1. It is very difficult to teach how to walk and they spend a great amount of time on technique for that.
  2. Everyone in the group walks differently and so it is not easy to change their habits and to get them in sync in order to dance.

And this is the first reason why you shouldn’t teach someone how to walk.

Most of us are of the same “blueprint”; we have the same general “manual”. But for each of us is the manual is applied differently.
These difference can be structural, for example most of us have two legs but my femur bone might be longer than yours, or the arch of my foot might smaller than yours etc. 
The differences can be kinetic, for example, I might have greater range of motion; of course these difference might be related to the above.
But they can also be difference of perception, for example I might be afraid of getting hurt, ergo I am afraid of falling, and so my movement vocabulary is restricted to avoid anything that may result in me falling.

And these differences you might be born with or you may acquire through life.
For example, a ballet dancer like myself has a different structure and movement options compared to a professional horseback rider. Horseback riders develop a very strong interior thigh fascia which then makes them stand and walk in a slightly wider stance. Ballet dancers, have been taught to collect everything in and direct their intention upward.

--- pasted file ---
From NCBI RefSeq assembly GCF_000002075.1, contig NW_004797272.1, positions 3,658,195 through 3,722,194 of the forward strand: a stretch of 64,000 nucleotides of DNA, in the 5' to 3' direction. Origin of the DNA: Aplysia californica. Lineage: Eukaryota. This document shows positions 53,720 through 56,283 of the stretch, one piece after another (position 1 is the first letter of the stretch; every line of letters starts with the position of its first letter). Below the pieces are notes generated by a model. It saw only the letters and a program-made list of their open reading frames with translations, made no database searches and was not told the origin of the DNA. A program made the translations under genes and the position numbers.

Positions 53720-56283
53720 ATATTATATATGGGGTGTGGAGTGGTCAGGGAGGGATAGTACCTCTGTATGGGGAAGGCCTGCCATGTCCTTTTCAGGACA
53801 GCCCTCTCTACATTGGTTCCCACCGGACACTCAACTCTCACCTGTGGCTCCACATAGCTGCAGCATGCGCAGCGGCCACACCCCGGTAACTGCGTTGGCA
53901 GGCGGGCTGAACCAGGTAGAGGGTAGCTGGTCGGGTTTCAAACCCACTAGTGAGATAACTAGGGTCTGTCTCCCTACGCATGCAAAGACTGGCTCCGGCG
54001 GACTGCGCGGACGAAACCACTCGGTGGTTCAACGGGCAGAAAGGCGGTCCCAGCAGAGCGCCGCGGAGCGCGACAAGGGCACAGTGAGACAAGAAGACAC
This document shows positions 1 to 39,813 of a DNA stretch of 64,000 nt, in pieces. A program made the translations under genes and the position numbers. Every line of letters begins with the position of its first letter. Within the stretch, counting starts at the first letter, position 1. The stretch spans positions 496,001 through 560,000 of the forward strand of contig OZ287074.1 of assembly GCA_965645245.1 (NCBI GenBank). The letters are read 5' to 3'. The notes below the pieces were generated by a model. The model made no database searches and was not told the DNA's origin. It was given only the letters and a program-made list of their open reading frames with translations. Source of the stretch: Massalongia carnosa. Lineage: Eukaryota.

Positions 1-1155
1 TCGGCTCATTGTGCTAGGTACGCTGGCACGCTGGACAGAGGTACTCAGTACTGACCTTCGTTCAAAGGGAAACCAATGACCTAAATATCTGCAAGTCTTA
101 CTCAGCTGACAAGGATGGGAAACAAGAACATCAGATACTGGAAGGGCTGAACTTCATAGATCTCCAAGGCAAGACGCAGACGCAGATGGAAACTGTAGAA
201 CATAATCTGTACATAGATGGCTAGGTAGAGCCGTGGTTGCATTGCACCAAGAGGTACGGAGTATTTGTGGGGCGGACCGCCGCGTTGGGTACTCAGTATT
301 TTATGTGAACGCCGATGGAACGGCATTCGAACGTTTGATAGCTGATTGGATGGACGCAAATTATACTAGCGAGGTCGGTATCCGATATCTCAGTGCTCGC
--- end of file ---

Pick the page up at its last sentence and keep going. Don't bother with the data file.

So as you can gather dance groups are very diverse even when they don’t seem so!

Walking is a complex and complicated movement

On top of that walking is a complex and complicated movement.  
It involves the whole body, in triaxial multiplanar movement and it is based on multiple developmental patterns.
If for any reason, and they are many, any of these developmental patterns is inefficient our walk will be inefficient.

It might be because of the way we were handled at birth, or maybe as toddlers we were forced to stand before we were ready, or as adults we had an injury from which scar tissue has been created and it is inhibiting our movement.

What I am getting at is, that you can’t really teach people how to walk. Even if the issue at hand is glaring at you. You are only seeing the tip of the iceberg.

This is therefore the second reason why you shouldn’t teach people how to walk.

Are you really teaching people how to walk?

But lets pause here for a moment and ask ourselves as teachers, do you think we are actually teaching people how to walk?

No!
What we are teaching, is a version of walking with someone that works best for us as teachers and matches our preferred Tango style. And with all the habits, preconceptions, preferences, struggles etc that we have.